Apple ceding open-source app market to Google?

Apple's cumbersome approval and development process may be turning open-source developers to Google Android, which could prove to be a big loss for Apple and its customers.

Matt Asay Contributing Writer
Matt Asay is a veteran technology columnist who has written for CNET, ReadWrite, and other tech media. Asay has also held a variety of executive roles with leading mobile and big data software companies.
Matt Asay
3 min read

Whether you're an open-source advocate or not, you likely run open-source applications on your laptop or desktop. From Firefox to VLC to Handbrake to Adium, some of the best applications for Mac OS X, Windows, and Linux are open source.

The iPhone, however, is a relative wasteland for open source. Should Apple care?

There's no open-source app for that.

OStatic points to four good open-source applications currently available for the iPhone, including Funambol for sync functionality and WordPress for blogging, but these are the exception to the rule. A Google search turns up others, but few that match the quality of open-source applications available on the "desktop."


It can't be a question of open-source developers shrinking from the proprietary iPhone platform. Much of the best open-source application development already happens on proprietary platforms like Mac OS X and Windows.

It's also not a question of understanding: O'Reilly and others walk open-source developers through iPhone application development.

Even so, it could well be that open-source developers have resisted the closed nature of the iPhone development and distribution process. In this, they wouldn't be alone.

First, you need a Mac to write iPhone applications. While the open-source crowd has embraced the Mac, many developers won't want to leave their Windows or Linux machines. (XMLVM could offer an alternative, as well as enabling developers to write iPhone applications in languages more familiar to them, like Java, instead of Objective C.)

Beyond hardware and programming languages, there's still the burden of running the gauntlet of Apple's application approval process. Open-source development has tended to provide unfettered playgrounds for development like SourceForge and Google Code. iPhone development is anything but unfettered.

Yes, Apple opened the door a crack to open source when it stopped requiring an NDA for development, but the door must be opened wider.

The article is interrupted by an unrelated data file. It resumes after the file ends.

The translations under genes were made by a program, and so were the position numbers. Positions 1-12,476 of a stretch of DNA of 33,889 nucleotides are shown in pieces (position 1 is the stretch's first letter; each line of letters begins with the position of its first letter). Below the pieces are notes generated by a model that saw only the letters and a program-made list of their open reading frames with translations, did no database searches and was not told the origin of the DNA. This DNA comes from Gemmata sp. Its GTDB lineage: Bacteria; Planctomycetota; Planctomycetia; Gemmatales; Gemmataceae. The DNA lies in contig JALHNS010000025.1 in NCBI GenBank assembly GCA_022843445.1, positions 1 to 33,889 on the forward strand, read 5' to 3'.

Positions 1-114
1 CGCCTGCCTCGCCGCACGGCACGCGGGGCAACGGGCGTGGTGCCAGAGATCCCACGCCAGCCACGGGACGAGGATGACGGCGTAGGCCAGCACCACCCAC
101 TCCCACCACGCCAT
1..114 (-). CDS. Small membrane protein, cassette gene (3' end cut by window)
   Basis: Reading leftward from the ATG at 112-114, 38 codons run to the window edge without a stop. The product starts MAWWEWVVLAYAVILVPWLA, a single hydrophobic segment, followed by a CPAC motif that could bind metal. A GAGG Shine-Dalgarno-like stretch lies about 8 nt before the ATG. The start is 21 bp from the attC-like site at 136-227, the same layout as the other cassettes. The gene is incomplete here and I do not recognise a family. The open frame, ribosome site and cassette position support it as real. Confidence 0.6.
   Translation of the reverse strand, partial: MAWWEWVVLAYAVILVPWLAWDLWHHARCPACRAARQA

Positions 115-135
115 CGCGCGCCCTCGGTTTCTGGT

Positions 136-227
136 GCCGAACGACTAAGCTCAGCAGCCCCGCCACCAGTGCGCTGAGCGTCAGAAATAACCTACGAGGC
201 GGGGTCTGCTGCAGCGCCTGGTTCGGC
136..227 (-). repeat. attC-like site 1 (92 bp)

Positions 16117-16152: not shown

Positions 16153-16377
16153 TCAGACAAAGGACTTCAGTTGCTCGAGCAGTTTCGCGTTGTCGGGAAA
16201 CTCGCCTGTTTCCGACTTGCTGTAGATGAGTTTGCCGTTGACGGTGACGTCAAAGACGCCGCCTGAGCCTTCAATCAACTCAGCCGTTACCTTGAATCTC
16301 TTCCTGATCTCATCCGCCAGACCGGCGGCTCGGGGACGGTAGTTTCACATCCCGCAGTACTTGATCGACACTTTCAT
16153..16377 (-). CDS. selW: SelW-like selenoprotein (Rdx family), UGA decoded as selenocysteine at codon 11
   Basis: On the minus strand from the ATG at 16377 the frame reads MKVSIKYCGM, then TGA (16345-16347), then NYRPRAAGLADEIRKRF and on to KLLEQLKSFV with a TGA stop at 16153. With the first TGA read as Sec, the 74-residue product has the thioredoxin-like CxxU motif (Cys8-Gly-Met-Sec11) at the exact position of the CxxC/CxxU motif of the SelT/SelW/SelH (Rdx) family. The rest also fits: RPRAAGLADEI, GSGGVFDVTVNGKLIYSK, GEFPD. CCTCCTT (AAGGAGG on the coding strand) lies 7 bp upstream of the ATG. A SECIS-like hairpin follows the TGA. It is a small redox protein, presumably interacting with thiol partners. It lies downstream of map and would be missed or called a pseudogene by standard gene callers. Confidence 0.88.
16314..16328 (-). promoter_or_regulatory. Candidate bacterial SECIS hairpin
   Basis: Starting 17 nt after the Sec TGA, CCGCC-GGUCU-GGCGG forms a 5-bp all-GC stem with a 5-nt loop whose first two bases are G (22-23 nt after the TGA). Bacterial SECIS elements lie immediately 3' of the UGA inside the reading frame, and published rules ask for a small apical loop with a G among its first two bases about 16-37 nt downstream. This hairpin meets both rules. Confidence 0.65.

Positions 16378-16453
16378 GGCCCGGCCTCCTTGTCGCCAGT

Otherwise it stands to miss out on applications like VLC, the open-source media player (which actually wouldn't likely be approved by Apple due to its competitive nature with Apple's native iPhone media player).

You can get a fork of VLC (called VLC4iPhone), but not through the official Apple App Store, and only if you jailbreak your iPhone. Few mainstream users will choose this route to install applications.

Open-source development could provide needed competition to the mostly proprietary applications that dominate the App Store. It also could supply fresh innovation.

Even fewer open-source developers will go this circuitous route to lead them there, as hinted by noted open-source luminary Doc Searls, which leaves the official App Store largely bereft of open-source applications. This is Apple's loss, and it is a loss to the general public.

Apple's iPhone browser is great, but we'd be better off if mobile Firefox gave it some competition, just as it has on the "desktop." Fring is nice, but I'd much rather have Adium running on my iPhone. And so on.

Open-source development could provide needed competition to the mostly proprietary applications that dominate the App Store. It also could supply fresh innovation.

CNET has reported that iPhone users and Google Android users have much in common in terms of their usage patterns and demographics. Their developer audiences, however, are increasingly different, and that's to Apple's hurt, especially as Android grows in market share.

Android, after all, stands to scoop up a significant swath of mainstream users by attracting both proprietary and open-source application development, while Apple's iPhone predominately serves the proprietary software set. That's the bulk of the market, to be sure, but it stifles the experimentation and innovation that open-source developers could be bringing to Apple's iconic iPhone.

Does Apple care?

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